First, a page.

Harriet A. Washington is our 2021 Cowan Memorial Lecturer and Priscilla M. Mayden Endowed Speaker. In Medical Apartheid, Harriet Washington notes that Winston Churchill echoed the title’s Nigerian aphorism, observing that “History is written by the victors.’ With an eye to assessing the medical treatment of those in the African diaspora, she will evaluate the holistic ethical landscape by focusing on signal events, including within the COVID-19 pandemic. In examining ethical frameworks that have defined the parameters of moral medical issues and have justified the medical agency of those in power Washington will demonstrate how this is often achieved by ignoring pertinent events —by eliding large swaths of the history. This selective curation of history consistently elides unethical acts and must be questioned as a prelude to restoring ethical behavior in medicine.

Background readings: (please contact for copies of readings)

  1. How environmental racism is fueling the coronavirus pandemic by Harriet Washington (Nature, 5/19/2020)
  2. Statues that perpetuate lies should not stand by Harriet Washington (Nature, 9/21/17)
  3. African American Physicians and Organized Medicine, 1846-1968 Origins of a Racial Divide by Baker, Robert B., Washington, Harriet A., (JAMA, 7/16/2008)
  4.  Limning the Semantic Frontier of Informed Consent by Harriet Washington (JLME, Fall 2016)
  5. Flacking for Big Pharma by Harriet Washington (The American Scholar, 6/3/2011)
  6. The Well Curve by Harriet Washington (The American Scholar, 9/7/2015)

This Evening Ethics is a collaboration with the Spencer S. Eccles Health Sciences Library (EHSL), J. Willard Marriott Library, Equity, Diversity, & Inclusion, (EDI), School of Medicine Office of Health Equity, Diversity, & Inclusion (SOM OHEDI), and The Tanner Humanities Center

“Pandemics & Panels: What Have We Learned about Global Health Crises Through Comics?” with MK Czerwiec, RN, MA, 2021 Health Humanities Lecturer

MK Czerwiec , RN, MA will visit Utah November 3-4 as our 3rd Annual Health Humanities Lecturer. MK Czerwiec is a nurse, cartoonist, and educator. She is the creator of Taking Turns: Stories from HIV/AIDS Care Unit 371, editor of the Eisner Award-winning Menopause: A Comic Treatment, and a co-author of Graphic Medicine Manifesto. MK regularly teaches graphic medicine at Northwestern Medical School and the University of Chicago. She co-manages and is the Comics Editor for the journal Literature & Medicine. See more of her work at

Background Readings:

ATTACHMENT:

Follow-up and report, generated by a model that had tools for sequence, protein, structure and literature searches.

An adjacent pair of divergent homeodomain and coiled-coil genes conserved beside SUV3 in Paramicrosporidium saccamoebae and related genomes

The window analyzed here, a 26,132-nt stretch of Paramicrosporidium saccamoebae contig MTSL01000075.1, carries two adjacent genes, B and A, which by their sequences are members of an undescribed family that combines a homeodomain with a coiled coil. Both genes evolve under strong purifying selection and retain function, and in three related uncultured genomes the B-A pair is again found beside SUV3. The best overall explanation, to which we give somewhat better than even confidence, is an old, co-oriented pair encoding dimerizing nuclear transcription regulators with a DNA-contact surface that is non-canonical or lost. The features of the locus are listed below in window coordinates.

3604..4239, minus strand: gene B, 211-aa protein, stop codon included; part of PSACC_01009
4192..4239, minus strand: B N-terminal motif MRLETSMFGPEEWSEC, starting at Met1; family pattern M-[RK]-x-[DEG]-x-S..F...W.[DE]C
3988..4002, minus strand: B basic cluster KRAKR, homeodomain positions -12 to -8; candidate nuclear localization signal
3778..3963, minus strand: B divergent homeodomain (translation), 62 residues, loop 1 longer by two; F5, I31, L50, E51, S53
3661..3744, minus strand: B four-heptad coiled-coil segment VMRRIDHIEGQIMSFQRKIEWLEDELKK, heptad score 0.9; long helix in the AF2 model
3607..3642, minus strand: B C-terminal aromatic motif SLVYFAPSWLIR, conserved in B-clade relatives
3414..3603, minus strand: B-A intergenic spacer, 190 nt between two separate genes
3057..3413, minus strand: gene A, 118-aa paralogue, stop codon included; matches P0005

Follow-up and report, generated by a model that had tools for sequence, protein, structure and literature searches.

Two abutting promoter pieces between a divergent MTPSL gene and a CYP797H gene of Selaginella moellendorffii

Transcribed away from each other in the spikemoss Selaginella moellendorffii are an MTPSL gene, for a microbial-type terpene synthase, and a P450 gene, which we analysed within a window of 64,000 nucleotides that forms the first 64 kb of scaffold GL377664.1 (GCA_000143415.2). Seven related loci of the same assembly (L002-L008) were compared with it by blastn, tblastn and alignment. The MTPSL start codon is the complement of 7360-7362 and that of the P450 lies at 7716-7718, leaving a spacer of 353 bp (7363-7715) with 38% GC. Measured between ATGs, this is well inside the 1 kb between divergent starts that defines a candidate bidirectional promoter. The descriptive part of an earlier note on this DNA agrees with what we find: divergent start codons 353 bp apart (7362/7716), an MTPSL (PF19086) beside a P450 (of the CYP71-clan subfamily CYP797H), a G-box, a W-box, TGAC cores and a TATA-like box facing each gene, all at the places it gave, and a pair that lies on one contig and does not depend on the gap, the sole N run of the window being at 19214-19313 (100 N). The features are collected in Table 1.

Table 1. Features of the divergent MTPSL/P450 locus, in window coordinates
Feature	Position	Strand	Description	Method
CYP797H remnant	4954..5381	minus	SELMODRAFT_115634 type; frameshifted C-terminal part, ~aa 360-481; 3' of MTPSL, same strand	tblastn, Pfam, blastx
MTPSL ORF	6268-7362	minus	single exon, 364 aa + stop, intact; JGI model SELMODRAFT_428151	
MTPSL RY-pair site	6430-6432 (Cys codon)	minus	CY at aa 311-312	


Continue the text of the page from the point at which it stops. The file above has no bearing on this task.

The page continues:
Taking Turns

COVID-19 Comics


Taking Turns: Stories from HIV/AIDS Care Unit 371


A second opportunity to hear MK Czerwiec:

"Graphic Medicine: Comics As Bridge Between Humanity & Health"

The Tanner Center Informal Talk Thursday, November 4, 9-10am The Jewel Room at the Tanner Humanities Center

This Health Humanities Speakership is a collaboration with the Spencer S. Eccles Health Sciences Library (EHSL), Family Caregiving Collaborative/ College of Nursing, College of Fine Arts, and The Tanner Humanities Center. at the University of Utah.  We jointly welcome MK Czerweic to this evening ethics and to the 2021-22 Health Humanities Speakership series.


 GENETICS HOT TOPICS: "Ethical concerns related to direct-to-consumer genetic testing for suicide risk and other mental health conditions" with Anna Docherty, Brent Kious, Teneille Brown, and Leslie Francis


Most mental health conditions and symptoms are polygenic, in that their genetic risk is attributable to many gene variants with small individual effects. Even so, polygenic risk scores have been calculated for a variety of mental health conditions and symptoms, including suicide death and suicidal ideation. Some companies have already started to offer direct-to-consumer genetic tests for a variety of mental health conditions, and may soon offer to polygenic risk scores for suicide. We examine ethical and legal concerns related to this potential development and consider unique issues related to the direct-to- consumer evaluation of genetic risk for suicide.

Background Readings:

  1. Read: “Ethical concerns relating to genetic risk scores for suicide,” by Anna Docherty, Brent Kious, Teneille Brown, Leslie Francis, Louisa Stark, Brooks Keeshin, Jeffrey Botkin, Emily DiBlasi, Doug Gray, Hilary Coon (Am J Med Genet B Neuropsychiatr Genet, Sept 1, 2021):
    ( contact or for pdfs)
  2. Watch: may-increase-risk-to-suicide/

 Genetics Hot Topics are a collaboration of The Center for Health Ethics, Arts, and Humanities (CHeEtAH) and The Utah Center for Excellence in Ethical, Legal, and Social Implications Research (UCEER)




This program is approved for 1-½ hours of CME credit.

Internet Archive

Not finding the past schedule you want?
Check the Wayback Machine